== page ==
Virginia Palmer Fitzgerald, Abbott & Beardsley


“When you’re leaving money to a domestic partner, the family of the deceased partner often doesn’t offer the same respect and accord as they would to a spouse,” she said. “It becomes very important to articulate what the familial relationships are.” To complicate things further, the law has been changing. Starting in January 2008, registered domestic partners in California will be able to file state tax returns as married couples, with any income earned during the partnership considered community property, or belonging 50/50 to each partner. And the passage of an update to the domestic partnership act in 2003 imposed family law rights and obligations that apply to spouses on registered gay and lesbian couples, including spousal support, community property and presumed parentage. But again, gay and lesbian couples are only considered family under state law, not federal law, under which they are still considered strangers. The pace of changes sent some lawyers scurrying into other practice areas. “I actually got referrals from people who would say they won’t do this type of law [anymore],” said Virginia Palmer, head of the estates and trusts group at Fitzgerald, Abbott & Beardsley. “This was so new and so different that it was a concern for a lot of practitioners.” LOSING A BALANCE But while some fled, others saw opportunity. Dale Boutiette and Susan von Herrmann opened the BVH Law Group in the spring of 2003 to focus on estate matters for LGBT clients. Over the next three years, the firm grew to five lawyers: Boutiette, von Herrmann, Kinney, an associate and another partner who handled clients from Palm Springs. Boutiette said that to make the small practice tick, the three San Francisco partners carried out a balancing act between the rainmaking and the lawyering. He said he was the bridge between the technically skilled von Herrmann and the entrepreneurial Kinney. Kinney joined BVH in the fall of 2003. She was a real estate agent before earning her J.D. from the New College of California School of Law in San Francisco in 1995. “It became pretty clear pretty quickly that she was obviously very passionate in this area and had a lot to offer, so we brought her into the fold,” Boutiette said. Her former partners describe Kinney, one of two gay partners at the old firm, as full of energy, and an enthusiastic advocate for LGBT rights. She has worked closely with Equality California, a civil rights organization for gays and lesbians, drafting a bill that would protect registered domestic partners from property value reassessments after transfers from one partner to another. “She’s a dynamic speaker and was very effective at getting our message out,” von Herrmann said. Everyone’s role at the old firm was defined. “Deb was out there bringing in business and explaining documents to clients and not doing a whole lot of drafting,” Boutiette said. “And Susan loved to draft documents � she’s literally the best legal writer I’ve ever met, bar none.”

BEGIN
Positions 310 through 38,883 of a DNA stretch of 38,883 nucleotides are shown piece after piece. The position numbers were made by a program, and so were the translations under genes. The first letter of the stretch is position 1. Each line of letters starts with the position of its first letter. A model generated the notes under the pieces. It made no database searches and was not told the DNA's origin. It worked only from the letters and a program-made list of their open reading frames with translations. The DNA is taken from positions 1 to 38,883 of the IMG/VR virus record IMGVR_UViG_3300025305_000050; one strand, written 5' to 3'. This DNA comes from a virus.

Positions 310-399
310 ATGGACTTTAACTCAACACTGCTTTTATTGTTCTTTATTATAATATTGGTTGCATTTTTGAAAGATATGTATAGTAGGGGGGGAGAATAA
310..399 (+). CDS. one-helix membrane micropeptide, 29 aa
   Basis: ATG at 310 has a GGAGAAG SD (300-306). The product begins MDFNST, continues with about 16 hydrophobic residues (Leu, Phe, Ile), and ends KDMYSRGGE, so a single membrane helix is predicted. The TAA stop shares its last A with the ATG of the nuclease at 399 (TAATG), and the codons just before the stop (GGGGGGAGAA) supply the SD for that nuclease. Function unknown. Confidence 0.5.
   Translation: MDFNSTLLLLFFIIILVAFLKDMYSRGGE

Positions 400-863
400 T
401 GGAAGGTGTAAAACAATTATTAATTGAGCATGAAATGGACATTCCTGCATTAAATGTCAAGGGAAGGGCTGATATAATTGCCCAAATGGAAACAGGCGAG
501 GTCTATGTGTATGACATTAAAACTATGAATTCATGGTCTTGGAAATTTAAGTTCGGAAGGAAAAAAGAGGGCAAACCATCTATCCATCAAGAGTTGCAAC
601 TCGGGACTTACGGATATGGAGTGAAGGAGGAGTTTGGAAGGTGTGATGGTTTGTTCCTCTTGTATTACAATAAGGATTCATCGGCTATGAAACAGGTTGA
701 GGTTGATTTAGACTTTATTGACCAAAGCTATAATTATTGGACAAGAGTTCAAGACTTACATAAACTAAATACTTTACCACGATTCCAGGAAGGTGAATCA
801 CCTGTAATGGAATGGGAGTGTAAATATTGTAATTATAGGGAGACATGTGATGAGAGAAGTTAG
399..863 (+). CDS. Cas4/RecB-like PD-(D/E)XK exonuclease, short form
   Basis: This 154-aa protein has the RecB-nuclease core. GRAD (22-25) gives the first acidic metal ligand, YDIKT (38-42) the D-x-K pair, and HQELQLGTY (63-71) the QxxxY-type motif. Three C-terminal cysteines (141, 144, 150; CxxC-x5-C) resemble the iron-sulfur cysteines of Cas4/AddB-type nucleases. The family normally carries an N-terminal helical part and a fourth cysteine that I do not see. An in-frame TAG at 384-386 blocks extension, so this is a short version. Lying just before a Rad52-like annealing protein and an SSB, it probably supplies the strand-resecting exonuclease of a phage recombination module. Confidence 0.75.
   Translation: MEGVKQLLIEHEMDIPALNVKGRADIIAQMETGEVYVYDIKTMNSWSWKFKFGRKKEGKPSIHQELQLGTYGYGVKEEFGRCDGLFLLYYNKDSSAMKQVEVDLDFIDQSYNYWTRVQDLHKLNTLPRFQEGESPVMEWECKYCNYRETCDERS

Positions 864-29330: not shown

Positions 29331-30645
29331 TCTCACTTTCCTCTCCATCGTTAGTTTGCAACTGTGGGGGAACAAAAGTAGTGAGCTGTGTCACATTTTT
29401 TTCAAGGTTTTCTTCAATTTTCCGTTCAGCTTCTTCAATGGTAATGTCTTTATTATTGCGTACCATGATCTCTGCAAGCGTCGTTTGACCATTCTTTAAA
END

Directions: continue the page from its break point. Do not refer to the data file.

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Then last fall, Boutiette announced that he would be leaving the firm for family reasons. In February, the partner in Palm Springs died. The differences between Kinney’s and von Herrmann’s management styles bubbled, Boutiette said, and by March, von Herrmann had taken her practice to 30-lawyer Fitzgerald, Abbott in the East Bay. Associate Emma Sobol left to join Hanson, Bridgett, Marcus, Vlahos & Rudy. In an e-mail, von Herrmann said she “was never enamored with running my own business. At [Fitzgerald] someone else runs the business and I can [focus] on my law practice.” Kinney downplayed any differences in personal outlook, saying that it was the “unfortunate circumstances” that drove the partners apart. “I very much enjoyed working with Susan,” she said. “We brought out the best in each other.” TOUGH TO CHERRY PICK Despite the hit to headcount, Kinney said referrals from existing clients and other lawyers keep her busy. Just over half of her client base is LGBT, she says, and the rest straight. Among her clients are Margaret Van Camp, vice president and senior counsel at Union Bank of California, and San Francisco art dealer Michael Shapiro. Recruiting lawyers is “tough,” said Sideman & Bancroft estate planner Ellen Kahn, whose LGBT client base has been growing. “It used to be that the large firms all had estate planning practices and you’d get their trained associates.” Johnston, who charges $375 per hour, said that even at discount rates, partners and associates at big firms would be too expensive. Fitzgerald’s Palmer hired von Herrmann earlier this year because “it would take so long to train someone up.” But Kinney remains optimistic. By next spring, she says her firm will employ up to two more attorneys and two more paralegals. “I think that there’s very, very smart people that are out there,” she said, “and it’s just a matter of finding the right people with whom to work.”